Editorial

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Welcome to our 40th issue of War Profiteers' News:: 40 issues reporting on resistance to war and to profiteering from war. In these 40 issues we have highlighted the importance of people taking action against profiteering from war, and have reported on a wide range of activities people have taken to confront the merchants of death. We have also made it clear that we oppose all forms of war profiteering and that we are for the end of profiting from war - not just for its regulation.

40 issues means that we have profiled 40 campaigns and organisations striving against war profiteering. Some of them no longer exist, but some have grown bigger and stronger along the years. We have also featured 40 war profiteers of the month - I hope one day I will actually struggle to find a profiteer to profile!

One important development we have seen over the years is how organisations and campaigns are increasingly making the full connections of the economics of war and conflict, manifested by networking across sectors, which is crucial since change will not happen by campaigning on a single issue in isolation. The arms trade will not end purely by putting pressure on the arms producers - it also needs active resistance to the militarisation of conflict which provides a justification and market for it.

In this issue we report on the impact of the extractive industry in India and Latin America, which fuels local conflicts. In the words of the Uruguayan writer Raúl Zibechi "There is no extraction, no mining, no soya, no monoculture, without militarisation of society... This is not an error, militarisation is part of the model. There is no open cast mining, mega mining, without militarism. If one lives in the city, it's not apparent, but if you get a bit closer to it you will see an ever more militarised environment." Militarism is not just the physical presence of soldiers or the arms trade. As the Mexican Ana Cerceña said, 'Capitalism militarises in different ways, you must understand that militarisation is not just putting a soldier or military base in some place. Instead, it converts politics into politics with a military mindset, into politics with visions of the enemy.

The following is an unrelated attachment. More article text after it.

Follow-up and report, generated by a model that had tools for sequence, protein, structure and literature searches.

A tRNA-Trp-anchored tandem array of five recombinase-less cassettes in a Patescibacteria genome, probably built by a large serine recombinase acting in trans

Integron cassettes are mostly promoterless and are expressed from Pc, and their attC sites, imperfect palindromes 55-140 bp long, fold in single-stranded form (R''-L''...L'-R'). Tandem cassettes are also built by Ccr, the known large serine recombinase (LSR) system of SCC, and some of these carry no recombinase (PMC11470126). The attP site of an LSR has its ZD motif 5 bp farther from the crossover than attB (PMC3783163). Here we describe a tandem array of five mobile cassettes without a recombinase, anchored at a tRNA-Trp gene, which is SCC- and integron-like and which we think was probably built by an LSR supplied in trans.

Another important development we have seen through these 40 issues is how organisations and campaigns are making connections between communities resisting the use of weapons and militarisation of their society with campaigns against specific industries or weapon systems. What better example that the resistance to tear gas, which connects groups where tear gas is being produced, with where they are being used. In the last weeks we have seen actions in London at the South Korean embassy demanding that South Korean companies stop selling tear gas to Bahrain, where they are being used against unarmed protesters. The action is co-organised by anti arms campaigners and Bahrainians in London, and at the same time followed up by antimilitarist activits in South Korea. The report in this issue on the protests in the US against the Facing Urban Shield event goes in the same vain: resisting the militarisation of policing in the US and around the world.

Finally a few words on arms fairs. In the last couple of months we have seen actions against several arms fairs. In this issue we highlight the series of action to stop the DSEi arms fair in London. The richness, diversity of actions taken against DSEi were truly inspiring - so inspiring that it made our friends in South Korea use some of the same action concepts against the ADEX fair in Seoul. This again shows how international solidarity works, and confirms how we can be more effective if we work together. In a small way the 40 issues of War Profiteers' News is doing that: connecting people resisting war and profiteering from war.

Javier Gárate

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